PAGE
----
New Commentary on Teaching the American Art Survey


Pennsylvania Academy of the Fine Arts (Source: Library of Congress)

It seems that summer is the season for new publications to appear! My most recent short essay,  “Teaching American Art to American Artists: Object-Based Learning at the Pennsylvania Academy of the Fine Arts,” was published today in the Summer 2016 issue of Panorama: Journal of the Association of Historians of American Art. The essay is part of a roundtable on pedagogy headed by an essay by Jules Prown reflecting on his decades of experience teaching American art and material culture. Alongside Prown’s essay are reflections by three of his students, Bryan J. Wolf, Margaretta M. Lovell, and Glenn Adamson, and five “reflections from the front lines” written by Jessica L. Horton, Kevin R. Muller, Sarah Anne Carter, Jason D. LaFountain, and yours truly. It was an honor to be invited to participate in this issue.

My essay reflects on my experiences teaching the American art survey to studio art students at the Pennsylvania Academy of the Fine Arts. I have been a lecturer in art history at PAFA since Spring 2015, and during that time I have developed teaching methods that take advantage of the institution’s rich collection of American art and my students’ natural abilities in visual learning. Specifically, I created the gallery talk, an assignment that requires students to research individual works in the PAFA collection and then to lead their classmates in a discussion of the formal qualities, subject matter, and relevance of the work within the narrative of American art. In writing this piece, I hope to encourage art history instructors to experiment with object-based learning.

A brief excerpt:

The gallery talk proved valuable in several key ways. First, it gave students the opportunity to conduct discussions in formal analysis in front of works from the PAFA collection. This had the added benefit of breaking up our long class sessions: at PAFA, all classes are scheduled in three-hour blocks to accommodate studio instruction. Second, students had a chance to practice public speaking in a museum setting, a skill that will be important in their future careers as professional artists. Lastly, the gallery talk fostered a sense of camaraderie among the students: because each student took a turn in leading discussion, they were highly motivated to participate in discussion during their classmates’ talks. Assigning the students to become the instructors also gave them insight into my role in fostering discussion each week, and class participation improved overall. This sense of belonging extended to include the school itself, as students made connections between their experiences today and to the training of American artists that is the legacy of PAFA.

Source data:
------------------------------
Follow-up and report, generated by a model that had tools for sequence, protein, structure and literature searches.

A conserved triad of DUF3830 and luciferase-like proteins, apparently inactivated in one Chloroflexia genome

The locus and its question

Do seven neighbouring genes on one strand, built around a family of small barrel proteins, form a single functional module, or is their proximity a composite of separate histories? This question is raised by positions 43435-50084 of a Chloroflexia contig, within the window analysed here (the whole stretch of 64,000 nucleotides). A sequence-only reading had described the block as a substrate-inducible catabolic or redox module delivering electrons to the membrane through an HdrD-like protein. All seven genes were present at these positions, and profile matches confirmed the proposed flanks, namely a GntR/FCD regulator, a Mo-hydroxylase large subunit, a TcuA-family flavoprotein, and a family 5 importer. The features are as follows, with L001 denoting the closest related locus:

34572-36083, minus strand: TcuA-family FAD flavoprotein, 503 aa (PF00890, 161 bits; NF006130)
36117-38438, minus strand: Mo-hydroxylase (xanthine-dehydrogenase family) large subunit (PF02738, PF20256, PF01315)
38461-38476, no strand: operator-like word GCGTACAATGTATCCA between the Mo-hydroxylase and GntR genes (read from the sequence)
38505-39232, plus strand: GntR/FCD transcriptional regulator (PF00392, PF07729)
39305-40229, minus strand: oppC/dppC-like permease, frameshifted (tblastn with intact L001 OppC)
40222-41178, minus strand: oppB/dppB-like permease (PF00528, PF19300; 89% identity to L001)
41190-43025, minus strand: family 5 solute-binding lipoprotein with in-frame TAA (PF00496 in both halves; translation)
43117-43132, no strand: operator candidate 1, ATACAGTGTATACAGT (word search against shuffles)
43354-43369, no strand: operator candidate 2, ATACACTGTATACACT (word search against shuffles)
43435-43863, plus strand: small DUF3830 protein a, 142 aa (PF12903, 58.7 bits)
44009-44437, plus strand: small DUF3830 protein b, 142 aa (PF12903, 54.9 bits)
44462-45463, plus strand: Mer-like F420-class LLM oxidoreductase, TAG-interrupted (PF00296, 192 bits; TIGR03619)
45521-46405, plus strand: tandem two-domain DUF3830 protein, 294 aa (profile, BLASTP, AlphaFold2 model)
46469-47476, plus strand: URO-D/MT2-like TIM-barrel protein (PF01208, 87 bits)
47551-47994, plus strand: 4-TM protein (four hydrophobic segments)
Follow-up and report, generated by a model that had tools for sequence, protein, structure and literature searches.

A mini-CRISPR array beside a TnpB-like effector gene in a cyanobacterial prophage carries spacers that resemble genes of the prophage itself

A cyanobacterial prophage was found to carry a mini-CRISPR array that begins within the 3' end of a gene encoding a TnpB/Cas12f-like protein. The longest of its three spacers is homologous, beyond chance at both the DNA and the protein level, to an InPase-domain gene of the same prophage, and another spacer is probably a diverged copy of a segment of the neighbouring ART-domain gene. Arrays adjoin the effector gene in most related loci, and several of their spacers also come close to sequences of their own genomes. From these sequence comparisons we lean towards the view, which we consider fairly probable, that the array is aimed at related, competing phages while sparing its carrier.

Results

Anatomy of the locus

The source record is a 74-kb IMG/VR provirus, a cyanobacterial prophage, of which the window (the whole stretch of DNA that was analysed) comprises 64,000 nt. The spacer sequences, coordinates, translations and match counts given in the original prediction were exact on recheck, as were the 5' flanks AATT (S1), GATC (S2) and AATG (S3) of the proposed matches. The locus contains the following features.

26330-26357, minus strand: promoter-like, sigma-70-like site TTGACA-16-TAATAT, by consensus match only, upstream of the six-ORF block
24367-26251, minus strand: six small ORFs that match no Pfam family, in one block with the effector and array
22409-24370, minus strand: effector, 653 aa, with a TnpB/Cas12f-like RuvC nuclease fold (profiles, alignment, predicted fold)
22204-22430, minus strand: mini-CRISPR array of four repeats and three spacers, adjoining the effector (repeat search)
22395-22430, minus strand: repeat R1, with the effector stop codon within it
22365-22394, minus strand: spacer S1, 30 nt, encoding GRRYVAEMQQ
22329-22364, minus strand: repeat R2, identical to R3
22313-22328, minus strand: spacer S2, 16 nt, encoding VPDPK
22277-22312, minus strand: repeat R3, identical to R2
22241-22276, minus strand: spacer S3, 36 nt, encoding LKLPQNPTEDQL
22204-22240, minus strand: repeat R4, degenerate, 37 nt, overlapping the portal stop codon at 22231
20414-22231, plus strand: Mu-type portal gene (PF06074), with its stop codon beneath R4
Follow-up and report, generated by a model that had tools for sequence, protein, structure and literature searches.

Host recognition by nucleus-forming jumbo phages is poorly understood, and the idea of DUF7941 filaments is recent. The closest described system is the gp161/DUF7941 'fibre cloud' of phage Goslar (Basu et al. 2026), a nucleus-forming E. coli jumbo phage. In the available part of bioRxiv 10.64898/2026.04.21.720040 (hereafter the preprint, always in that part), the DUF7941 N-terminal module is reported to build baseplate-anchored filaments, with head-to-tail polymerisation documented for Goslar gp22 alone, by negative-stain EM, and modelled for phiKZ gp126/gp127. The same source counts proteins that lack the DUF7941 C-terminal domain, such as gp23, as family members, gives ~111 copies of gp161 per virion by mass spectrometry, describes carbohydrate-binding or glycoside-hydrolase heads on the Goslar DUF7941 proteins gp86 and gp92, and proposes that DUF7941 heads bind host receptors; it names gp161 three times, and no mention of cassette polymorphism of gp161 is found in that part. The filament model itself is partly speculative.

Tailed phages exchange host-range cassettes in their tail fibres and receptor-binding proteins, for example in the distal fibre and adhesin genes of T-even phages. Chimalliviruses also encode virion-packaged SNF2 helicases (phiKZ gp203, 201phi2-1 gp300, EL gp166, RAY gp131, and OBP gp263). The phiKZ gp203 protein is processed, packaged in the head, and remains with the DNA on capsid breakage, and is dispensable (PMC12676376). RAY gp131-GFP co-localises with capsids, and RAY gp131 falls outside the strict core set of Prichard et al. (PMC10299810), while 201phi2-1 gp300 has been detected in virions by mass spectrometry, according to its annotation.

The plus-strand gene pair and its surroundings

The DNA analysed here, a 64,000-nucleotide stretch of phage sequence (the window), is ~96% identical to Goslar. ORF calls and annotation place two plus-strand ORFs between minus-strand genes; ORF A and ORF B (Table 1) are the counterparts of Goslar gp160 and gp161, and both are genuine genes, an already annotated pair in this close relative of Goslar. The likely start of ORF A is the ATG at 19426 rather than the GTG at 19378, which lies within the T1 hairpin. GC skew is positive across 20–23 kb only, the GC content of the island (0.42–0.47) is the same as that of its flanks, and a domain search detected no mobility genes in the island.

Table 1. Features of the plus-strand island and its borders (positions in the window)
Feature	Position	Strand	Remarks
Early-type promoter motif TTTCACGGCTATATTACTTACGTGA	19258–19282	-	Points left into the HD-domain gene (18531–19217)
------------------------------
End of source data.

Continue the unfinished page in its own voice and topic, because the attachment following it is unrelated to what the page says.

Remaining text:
To access my full essay, CLICK HERE. To read all the other essays included in the roundtable on pedagogy, CLICK HERE. For a full table of contents of the latest issue of Panorama, which includes many excellent essays, CLICK HERE.


When Memory Fails, Part 2: Answers

DSC_4072Last week, I published a blog post about a mysterious abandoned monument on the northbound side of Route 1 in New Brunswick, NJ. The monument is a dilapidated granite obelisk in an overgrown clearing just before the Morris Goodkind Bridge spans the Raritan River, accessible only by snaking along a narrow path right on the edge of the highway. It is missing almost all of its identifying inscriptions, with only the haunting legend “THEIR BODIES REST” carved into the rectangular slab at the base of the obelisk. The monument initially caught my attention as a paradoxical memory space, a memorial that has forgotten the reason for its existence. At the end of my last post, I vowed to find out more about how this site came to be, and I have spent much of the last week thinking about it.

But it appears that I was not the only one intrigued by this monument’s story! Last week’s post was one of the most widely read of any that I have posted so far on this blog, and it seems that many of you are also hungry for more information. And as of today, I have much to report, thanks to the assistance of Dr. Robert Belvin, Director of the New Brunswick Free Public Library, who contacted me last week to share what he knew about the monument. Special thanks also go to my father, Donald Beetham, who spent a lot of time poring over old maps to figure out the early history of Route 1.

World War I Memorial Morris Goodkine Bridge Closeup Home News George Pound 1961 05

World War I memorial photographed by George Pound (courtesy of Robert Belvin)